Who is Desi Arnaz? The Latino star of 'Being the Ricardos'
With the premiere of the movie Being the Ricardos, the character of Desi Arnaz — one of the first Latino actors in Hollywood — is revived.
MORE IN THIS SECTION
Javier Bardem and Nicole Kidman star in Amazon Prime's latest release, Being the Ricardos. The film tells the story of Lucille Ball and Desi Arnaz, the real-life couple who portrayed Ricky and Lucy Ricardo on I Love Lucy during the 1950s.
The feature film is based on the life of the couple of Ball and Arnaz and tells the crisis the couple lived when a gossip magazine accused Ball of being a communist, something that in the conservative Hollywood of the mid-twentieth century would have meant the end of the career of one of the most famous actresses of the time.
This is the excuse for director Aaron Sorkin to tell the story not only of Ball — Kidman — but also of Arnaz — Bardem — born in Cuba in 1917 to a family of politicians who had to migrate to the United States in 1934, after the revolution of 1933.
Upon his arrival in Miami, the young Arnaz left behind the comforts of his life in Santiago, Cuba, to devote himself to various jobs, until he joined the Siboney orchestra and later that of the famous Xavier Cugat, considered the father of the mambo, where he was a singer and guitarist.
Thus began his road to fame, as he participated in movies and musicals in New York, started his own orchestra, got Americans to dance the conga, and married Ball in 1940 when she was already a star.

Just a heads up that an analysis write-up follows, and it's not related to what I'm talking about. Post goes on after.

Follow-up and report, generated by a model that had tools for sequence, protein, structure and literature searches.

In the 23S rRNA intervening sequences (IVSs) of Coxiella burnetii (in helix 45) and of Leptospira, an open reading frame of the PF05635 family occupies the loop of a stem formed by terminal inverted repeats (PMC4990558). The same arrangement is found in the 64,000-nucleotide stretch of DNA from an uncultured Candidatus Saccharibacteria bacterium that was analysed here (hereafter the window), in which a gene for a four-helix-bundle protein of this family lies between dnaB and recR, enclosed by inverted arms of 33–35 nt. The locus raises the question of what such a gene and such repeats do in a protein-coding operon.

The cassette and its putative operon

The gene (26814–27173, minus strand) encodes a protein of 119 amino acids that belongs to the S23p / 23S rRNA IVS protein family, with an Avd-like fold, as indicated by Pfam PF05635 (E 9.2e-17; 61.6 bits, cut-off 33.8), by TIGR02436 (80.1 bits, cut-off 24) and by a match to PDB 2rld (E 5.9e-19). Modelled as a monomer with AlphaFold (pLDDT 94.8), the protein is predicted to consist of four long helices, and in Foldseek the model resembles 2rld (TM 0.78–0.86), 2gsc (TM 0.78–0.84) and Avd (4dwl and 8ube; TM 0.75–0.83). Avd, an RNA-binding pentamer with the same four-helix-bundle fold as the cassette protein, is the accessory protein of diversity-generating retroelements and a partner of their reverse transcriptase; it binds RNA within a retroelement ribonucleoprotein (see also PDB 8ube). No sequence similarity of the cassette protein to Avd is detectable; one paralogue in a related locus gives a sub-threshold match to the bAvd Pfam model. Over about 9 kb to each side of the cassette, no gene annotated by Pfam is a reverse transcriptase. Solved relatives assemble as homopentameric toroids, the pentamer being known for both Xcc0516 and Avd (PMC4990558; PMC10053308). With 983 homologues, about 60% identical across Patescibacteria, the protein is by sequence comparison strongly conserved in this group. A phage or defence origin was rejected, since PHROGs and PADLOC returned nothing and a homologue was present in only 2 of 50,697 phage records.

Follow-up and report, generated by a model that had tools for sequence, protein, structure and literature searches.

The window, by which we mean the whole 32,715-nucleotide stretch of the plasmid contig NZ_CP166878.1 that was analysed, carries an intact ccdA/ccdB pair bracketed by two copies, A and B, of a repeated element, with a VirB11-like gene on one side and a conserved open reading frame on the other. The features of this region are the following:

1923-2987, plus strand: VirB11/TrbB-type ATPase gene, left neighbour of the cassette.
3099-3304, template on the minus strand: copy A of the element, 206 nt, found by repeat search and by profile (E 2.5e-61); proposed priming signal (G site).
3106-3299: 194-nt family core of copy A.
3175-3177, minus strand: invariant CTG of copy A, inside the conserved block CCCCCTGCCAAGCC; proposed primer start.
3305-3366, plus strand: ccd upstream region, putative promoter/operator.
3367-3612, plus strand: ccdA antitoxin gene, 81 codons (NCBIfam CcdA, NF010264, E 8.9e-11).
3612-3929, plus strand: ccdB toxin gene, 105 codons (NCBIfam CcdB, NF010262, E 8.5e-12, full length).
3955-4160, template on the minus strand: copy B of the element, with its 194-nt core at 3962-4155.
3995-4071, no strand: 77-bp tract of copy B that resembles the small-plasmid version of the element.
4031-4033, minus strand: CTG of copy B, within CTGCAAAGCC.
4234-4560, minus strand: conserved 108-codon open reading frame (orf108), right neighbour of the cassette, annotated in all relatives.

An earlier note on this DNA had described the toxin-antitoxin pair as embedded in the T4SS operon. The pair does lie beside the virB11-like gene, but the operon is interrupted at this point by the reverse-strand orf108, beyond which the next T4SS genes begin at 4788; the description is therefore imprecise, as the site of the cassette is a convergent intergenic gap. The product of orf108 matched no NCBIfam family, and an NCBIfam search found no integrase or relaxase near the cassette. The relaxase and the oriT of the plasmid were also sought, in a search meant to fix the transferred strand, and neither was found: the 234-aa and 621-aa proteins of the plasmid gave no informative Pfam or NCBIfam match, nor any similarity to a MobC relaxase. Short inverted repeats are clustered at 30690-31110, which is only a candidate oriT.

Arnaz also served in the U.S. Army and participated in World War II. His task: to entertain the troops.
Arnaz and Ball met on a film set and their marriage was one of the most talked-about in Hollywood, until their divorce in 1960. They formed their own production company, Desilu to work together. As Desilu, the couple pitched I Love Lucy to CBS, but the network was not convinced about showing a multi-ethnic couple on national TV. However, because of Ball's pressure, the network finally relented so the couple could act together.
I Love Lucy became an instant hit, and reached audiences of 32 million people a week, a record for the time.
For more than a decade, the couple reaped success in TV's golden age, after finishing I Love Lucy in 1956, Arnaz continued to work as a producer on such famous series as Star Trek and The Untouchables, and also pursued his musical career.
After his divorce, Arnaz remarried and moved to Baja California, where he lived until his death in 1986 from lung cancer.